Public to vote for best cutting-edge energy tech from 36 start-ups

Lithium air battery, smart cargo and better gas mileage technologies just part of latest government challenge

The US Department of Energy today said it formally set the collection of 36  start-ups that will compete for its "America's Next Top Energy Innovator" challenge in 2012.

The DOE said that by mid-January, Americans will be able to view profiles of the companies and vote on which ones could make the greatest energy contributions for the country's future. An expert panel will also evaluate the companies, the DOE stated.  The idea is to get the companies public attention and ultimately funded.

More on energy: 10 hot energy projects that could electrify the world  

The DOE said that the 36 start-ups have signed 43 option agreements letting them license cutting-edge technologies developed and patented by one of the agency's 17 National Laboratories and the National Security Complex. The agreements were done under what the DOE said was a streamlined, simplified application process and a greatly reduced upfront fee of just $1,000 to get the technology ball rolling.  The winner will be featured at the ARPA-E Energy Innovation Summit in February.

From the DOE, a few of the competing companies and their technologies:

  • Vorbeck Materials via the DOE's Pacific Northwest National Laboratory-developed method for building tiny chemical structures to greatly improve the performance of lithium-ion batteries. Vorbeck will use PNNL's method to develop better lithium air and lithium sulfur batteries. The new material in Vorbeck's batteries stores twice as much electricity at high charge and discharge rates as current lithium-ion batteries, and creates increased battery capacity and a longer cycle life.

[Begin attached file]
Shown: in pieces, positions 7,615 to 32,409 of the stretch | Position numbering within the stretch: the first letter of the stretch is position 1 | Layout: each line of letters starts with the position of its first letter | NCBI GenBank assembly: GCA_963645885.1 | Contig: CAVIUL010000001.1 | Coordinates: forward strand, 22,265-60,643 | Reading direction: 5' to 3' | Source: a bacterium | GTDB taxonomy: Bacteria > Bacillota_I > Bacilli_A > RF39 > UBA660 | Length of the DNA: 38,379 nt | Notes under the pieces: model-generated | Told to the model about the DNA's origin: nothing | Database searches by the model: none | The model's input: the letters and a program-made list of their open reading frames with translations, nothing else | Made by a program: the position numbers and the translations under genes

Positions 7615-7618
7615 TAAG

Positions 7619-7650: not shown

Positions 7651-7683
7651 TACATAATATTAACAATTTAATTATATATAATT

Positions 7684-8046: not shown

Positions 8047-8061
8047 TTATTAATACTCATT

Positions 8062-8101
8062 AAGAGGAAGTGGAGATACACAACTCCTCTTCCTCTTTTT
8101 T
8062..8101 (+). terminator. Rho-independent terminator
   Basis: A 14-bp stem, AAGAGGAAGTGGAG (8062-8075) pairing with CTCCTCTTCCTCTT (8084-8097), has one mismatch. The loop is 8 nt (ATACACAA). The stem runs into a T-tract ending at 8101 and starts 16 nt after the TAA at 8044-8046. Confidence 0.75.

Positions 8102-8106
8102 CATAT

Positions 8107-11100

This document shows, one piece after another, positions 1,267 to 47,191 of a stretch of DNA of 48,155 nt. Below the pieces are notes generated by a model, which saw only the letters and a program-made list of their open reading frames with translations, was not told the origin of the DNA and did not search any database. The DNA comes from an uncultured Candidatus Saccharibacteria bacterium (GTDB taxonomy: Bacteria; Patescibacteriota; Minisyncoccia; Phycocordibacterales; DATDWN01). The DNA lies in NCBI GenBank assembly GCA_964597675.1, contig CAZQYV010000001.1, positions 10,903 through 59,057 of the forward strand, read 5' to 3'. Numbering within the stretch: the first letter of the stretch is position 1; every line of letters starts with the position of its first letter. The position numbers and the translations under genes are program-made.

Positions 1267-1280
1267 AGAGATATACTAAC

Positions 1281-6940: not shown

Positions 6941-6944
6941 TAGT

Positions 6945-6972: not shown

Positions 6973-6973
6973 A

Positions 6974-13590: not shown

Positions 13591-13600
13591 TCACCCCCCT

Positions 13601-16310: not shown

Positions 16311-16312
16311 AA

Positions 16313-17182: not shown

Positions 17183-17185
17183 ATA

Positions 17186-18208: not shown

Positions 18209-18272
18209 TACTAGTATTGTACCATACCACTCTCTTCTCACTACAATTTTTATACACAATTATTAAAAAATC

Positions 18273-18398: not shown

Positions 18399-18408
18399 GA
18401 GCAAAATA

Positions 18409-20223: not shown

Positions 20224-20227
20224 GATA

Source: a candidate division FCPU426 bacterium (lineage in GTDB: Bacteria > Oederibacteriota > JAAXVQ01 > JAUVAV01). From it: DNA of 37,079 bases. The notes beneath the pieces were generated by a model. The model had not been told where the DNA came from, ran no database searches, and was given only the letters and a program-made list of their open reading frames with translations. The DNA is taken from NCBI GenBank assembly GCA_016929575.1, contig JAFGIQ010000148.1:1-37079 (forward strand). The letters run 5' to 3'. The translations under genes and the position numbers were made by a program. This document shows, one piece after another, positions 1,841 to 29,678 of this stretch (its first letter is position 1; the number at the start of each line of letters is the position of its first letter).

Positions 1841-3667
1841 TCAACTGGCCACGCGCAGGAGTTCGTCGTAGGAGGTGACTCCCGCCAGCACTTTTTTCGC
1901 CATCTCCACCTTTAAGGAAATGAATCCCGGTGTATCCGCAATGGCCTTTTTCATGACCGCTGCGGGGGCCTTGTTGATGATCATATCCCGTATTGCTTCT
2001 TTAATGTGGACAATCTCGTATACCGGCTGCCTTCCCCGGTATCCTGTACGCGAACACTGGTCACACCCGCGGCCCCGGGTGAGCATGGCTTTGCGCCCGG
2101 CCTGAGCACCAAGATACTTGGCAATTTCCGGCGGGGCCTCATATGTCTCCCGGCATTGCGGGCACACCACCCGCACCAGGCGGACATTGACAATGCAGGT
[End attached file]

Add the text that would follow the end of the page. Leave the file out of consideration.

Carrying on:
• TrakLok intends to use an Oak Ridge National Laboratory -developed, technology for tagging, tracking, locating and communicating with cargo containers and trailers in transit. TrakLok uses GPS technology and satellite communications as part of its tracking and warning capability and international container locking technology to protect against container tampering, theft, vandalism and smuggling. Shipments can be tracked through a web-accessible, information technology-based global tracking system to provide real time visibility of cargo.
  • IPAT is using gas atomization technology developed at Ames Laboratory to make titanium powder with processes that are ten times more efficient than traditional powder-making methods - significantly lowering the cost of the powder to manufacturers. The powder form of titanium is easier to work with than having to cast the metal - where manufacturers melt and pour liquid metal into molds - particularly given titanium's tendency to react with the materials used to form molds. Titanium's strength, light weight, biocompatibility and resistance to corrosion make it ideal for use in a variety of parts from military vehicle components, biomedical implants, aerospace fasteners to chemical plant valves.
  • e-Chromic LLC will use electrochromic technology developed by the National Renewable Energy Laboratory to create a new thin film window material that reflects sunlight on demand, making windows more energy efficient while reducing cooling costs.
  • Umpqua Energy will use Argonne National Laboratory technology to develop a system that lets a gasoline engine operate in an extreme lean burn mode in order to increase gasoline mileage. One negative side effect of a lean burn engine, whether powered by gasoline or diesel fuel, is an increase in the amount of harmful gases released to the environment. The company expects to both increase fuel economy and simultaneously reduce emissions with its system.

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